Monday, February 27, 2012

Howard Rheingold's five new media literacies provide model for 21st education system.

In his talk with child prodigy Adora Svitak, famed new media scholar Howard Rheingold discusses five fundamental literacies related to digital technology: attention, participation, credibility, collaboration and network awareness. This is a significant shift from the popular 20th century literacies of reading, writing and arithmetic. As a teacher, I recognize that this shift to a new set of literacies (and I would add search and filter as a literacy to the list) requires us to rethink the curriculum for students in the education system. Svitak provides a compelling picture of the types of students that we need to develop.

Recently Alberta Education recognized the need to transform the education system for the 21st century and embarked on a process of envisioning to develop the school system needed for a child born in 2010.

New Media Advertising?

Facial Recognition Billboard Only Lets Women See The Full Ad


By Yi Chen on February 21, 2012

A new kind of outdoor advertisement is being trialled on Oxford Street in London’s West End. The interactive advertisement uses a high-definition camera to scan pedestrians and identify their gender before showing a specific ad. The built-in system has a 90 per cent accuracy rate in analyzing a person’s facial features and determining if they’re a male or female.
The £30,000 display is set up by Plan UK, a not-for-profit organization that helps children in third-world countries. Female passersby will be shown the full 40-second video of its ‘Because I’m a Girl’ campaign that promotes sponsoring a girl to receive proper education in a developing country. Males won’t be able to see the full ad and will be directed to Plan UK’s website instead. The purpose of this was to show men “a glimpse of what it’s like to have basic choices taken away.”
The ad campaign will run for a two-week period and hopes to raise quarter of a million pounds in donations over the next four months.
Image credits Plan UK

via PSFK:

Sunday, February 26, 2012

Amazon pulls 5,000 ebooks from Kindle store

After failing to reach an agreement with the Independent Publishers Group, Amazon pulls 5,000 ebooks from its online store. Here's an article from Time magazine's business section that explains how the ebook market is in flux and everyone involved is jockeying for position. Here's the link, but I've pulled out the text and put it below:

"In a move that signifies Amazon’s determination to tighten its reign over the high stakes e-book market, the retailer removed a staggering 5,000 titles from its Kindle store because a Chicago distributor would not agree to new terms.

Independent Publishers Group claims the new electronic book agreement was too friendly to Amazon. The second largest distributor of independent books rejected the contract after the one in place came up for renewal. The proposed terms “increasingly reduce already narrow margins,” wrote IPG’s president Mark Suchomel in a book industry newsletter. He did not elaborate. Suchomel told the Chicago Tribune that Amazon accounts for only 5 percent of IPG’s business, which represents 500 indie presses and distributes titles such as “Boardwalk Empire.”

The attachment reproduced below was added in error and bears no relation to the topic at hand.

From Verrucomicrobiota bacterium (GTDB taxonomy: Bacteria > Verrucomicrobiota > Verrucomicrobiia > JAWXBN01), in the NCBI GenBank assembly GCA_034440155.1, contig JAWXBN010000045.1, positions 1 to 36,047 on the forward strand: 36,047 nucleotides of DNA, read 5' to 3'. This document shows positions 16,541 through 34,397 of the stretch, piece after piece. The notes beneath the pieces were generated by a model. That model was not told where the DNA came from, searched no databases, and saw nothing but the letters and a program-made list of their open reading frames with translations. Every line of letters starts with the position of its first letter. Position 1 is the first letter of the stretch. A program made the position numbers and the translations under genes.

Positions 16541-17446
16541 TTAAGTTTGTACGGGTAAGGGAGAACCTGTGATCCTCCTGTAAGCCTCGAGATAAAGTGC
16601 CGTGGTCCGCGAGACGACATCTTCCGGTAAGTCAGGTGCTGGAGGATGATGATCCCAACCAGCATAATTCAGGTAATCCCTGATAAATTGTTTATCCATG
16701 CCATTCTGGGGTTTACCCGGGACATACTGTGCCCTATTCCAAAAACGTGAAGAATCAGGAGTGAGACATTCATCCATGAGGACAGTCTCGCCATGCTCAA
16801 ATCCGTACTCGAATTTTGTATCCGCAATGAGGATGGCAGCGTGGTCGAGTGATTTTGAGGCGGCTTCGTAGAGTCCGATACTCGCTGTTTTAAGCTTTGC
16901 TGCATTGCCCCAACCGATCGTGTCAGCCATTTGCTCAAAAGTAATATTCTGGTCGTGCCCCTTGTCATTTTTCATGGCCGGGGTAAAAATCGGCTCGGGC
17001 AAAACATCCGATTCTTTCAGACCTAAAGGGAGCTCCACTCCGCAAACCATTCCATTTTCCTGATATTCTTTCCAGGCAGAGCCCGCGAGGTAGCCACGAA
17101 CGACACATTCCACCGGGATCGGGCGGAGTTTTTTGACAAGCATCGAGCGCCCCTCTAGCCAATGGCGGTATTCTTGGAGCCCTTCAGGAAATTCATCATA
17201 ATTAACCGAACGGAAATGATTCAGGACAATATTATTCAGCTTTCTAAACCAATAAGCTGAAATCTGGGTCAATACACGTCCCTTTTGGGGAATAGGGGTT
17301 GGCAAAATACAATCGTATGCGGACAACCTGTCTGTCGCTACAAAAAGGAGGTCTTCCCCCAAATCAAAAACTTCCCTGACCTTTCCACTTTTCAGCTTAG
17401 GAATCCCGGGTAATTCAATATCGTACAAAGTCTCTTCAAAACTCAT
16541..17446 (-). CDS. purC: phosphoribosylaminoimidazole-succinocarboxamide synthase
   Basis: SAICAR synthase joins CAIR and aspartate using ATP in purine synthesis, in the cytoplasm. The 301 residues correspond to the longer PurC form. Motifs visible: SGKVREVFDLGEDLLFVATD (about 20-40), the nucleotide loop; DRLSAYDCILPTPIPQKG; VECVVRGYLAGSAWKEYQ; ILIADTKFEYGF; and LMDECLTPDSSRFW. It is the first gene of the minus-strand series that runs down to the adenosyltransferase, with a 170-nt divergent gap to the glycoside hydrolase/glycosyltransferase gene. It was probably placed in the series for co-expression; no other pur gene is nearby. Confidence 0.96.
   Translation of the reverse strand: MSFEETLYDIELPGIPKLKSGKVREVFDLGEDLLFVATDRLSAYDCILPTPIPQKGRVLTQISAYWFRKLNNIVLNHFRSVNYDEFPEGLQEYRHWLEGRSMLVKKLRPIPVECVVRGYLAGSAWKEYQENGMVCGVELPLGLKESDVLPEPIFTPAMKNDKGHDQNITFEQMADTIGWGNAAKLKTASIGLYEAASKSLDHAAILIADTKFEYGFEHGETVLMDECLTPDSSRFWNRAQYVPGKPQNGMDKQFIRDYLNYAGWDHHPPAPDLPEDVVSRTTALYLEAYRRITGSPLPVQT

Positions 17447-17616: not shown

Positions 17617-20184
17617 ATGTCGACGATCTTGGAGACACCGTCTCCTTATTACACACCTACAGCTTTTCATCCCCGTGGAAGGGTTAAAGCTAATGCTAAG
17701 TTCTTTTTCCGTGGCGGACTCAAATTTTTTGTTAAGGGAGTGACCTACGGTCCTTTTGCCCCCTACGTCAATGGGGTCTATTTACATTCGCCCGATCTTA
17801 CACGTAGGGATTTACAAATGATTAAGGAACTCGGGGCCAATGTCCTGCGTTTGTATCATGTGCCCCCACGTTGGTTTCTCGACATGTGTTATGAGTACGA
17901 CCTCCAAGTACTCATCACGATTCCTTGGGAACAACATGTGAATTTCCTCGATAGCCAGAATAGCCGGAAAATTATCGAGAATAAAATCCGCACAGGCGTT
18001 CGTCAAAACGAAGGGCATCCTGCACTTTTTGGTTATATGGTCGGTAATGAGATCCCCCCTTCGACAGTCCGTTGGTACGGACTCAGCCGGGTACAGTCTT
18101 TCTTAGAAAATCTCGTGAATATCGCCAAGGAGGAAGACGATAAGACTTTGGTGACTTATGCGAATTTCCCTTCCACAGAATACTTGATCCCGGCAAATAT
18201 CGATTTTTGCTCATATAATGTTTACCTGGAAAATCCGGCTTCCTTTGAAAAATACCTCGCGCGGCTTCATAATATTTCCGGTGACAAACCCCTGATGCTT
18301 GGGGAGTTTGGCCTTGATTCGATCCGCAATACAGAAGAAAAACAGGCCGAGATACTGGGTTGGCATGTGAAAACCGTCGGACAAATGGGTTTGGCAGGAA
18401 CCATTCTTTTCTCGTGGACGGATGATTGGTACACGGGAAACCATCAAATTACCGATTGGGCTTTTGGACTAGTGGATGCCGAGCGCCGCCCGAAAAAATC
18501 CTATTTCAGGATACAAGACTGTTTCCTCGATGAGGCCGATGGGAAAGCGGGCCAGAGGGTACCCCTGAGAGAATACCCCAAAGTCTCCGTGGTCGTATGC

Beyond the headlines, IPG’s dispute with Amazon is a minor skirmish in a much larger battle over the future of digital publishing. The industry is still a fluid, competitive field, despite lagging sales and increased competition from gaming and other media. As a result, long-time participants in the notoriously fickle book business are jockeying to position themselves lest they risk losing even greater market share. IPG, the second largest distributor of independent books, is just one of many stakeholders that is not so quietly eyeballing Amazon’s dominance. Apple, Barnes & Noble, independent distributors like IPG and traditional publishers are part of the brigade.
Early on, Amazon’s playbook was fairly simple. Its standard $9.99 e-book offering cornered the market early with the creation of the first e-book reader. The Kindle Store now offers more than one million titles. To put this in perspective, Amazon has a stock of about 2 million print titles. But Amazon was a relative newcomer to publishing. Veteran publishers and distributors recoiled over a business model that lowered the price of books and minimized their gains.
Traditionally, publishers set guidelines for prices in a macabre dance that is fairly arbitrary. Ideally, they are designed to reflect what the market can bear. But once bookstores purchase books from wholesalers, sellers can set prices at will. When Amazon appeared and priced e-books so low, the industry’s lead publishers didn’t take kindly to the skimmed profits. And once the iPad was released in 2010, they switched to the so-called agency model that allowed them solely to determine prices. For each sale, Amazon and Apple would get a cut.

The upheaval in the e-book arena only continues. Barnes & Noble announced earlier this month that it is refusing to sell books published by Amazon because of its efforts to sign exclusive deals. In December, the Justice Department revealed that it is investigating whether e-booksellers engaged in unfair, anti-competitive practices. Regulators at the European Commission’s antitrust division also are investigating the e-book pricing system of Apple, Harper Collins, Simon & Schuster and other mainstream publishers. Meanwhile, a class action suit also filed against Apple and five publishers alleges a “price-fixing conspiracy” to thwart Amazon’s competitive threat, according to the plaintiff’s lead counsel.

Despite Amazon’s strong-arm tactics, it’s hard to fault the retailer for leveraging an opportunity in an industry ripe for disruption. Amazon has been an innovator in a field that has dinosaur leanings. Its genius has been its cheap, varied and seemingly limitless offerings from the likes of Random House to the solo book purveyor nestled in the midlands of England. And it pioneered new concepts in publishing, such as “Author Stores” and an imprint that will work directly with authors."

Week 7: Participatory Literacies

Week 7: Participatory Literacies
As Howard Rheingold notes, “a participatory culture in which most of the population see themselves as creators as well as consumers of culture is far more likely to generate freedom and wealth for more people than one in which a small portion of the population produces culture that the majority passively consume.”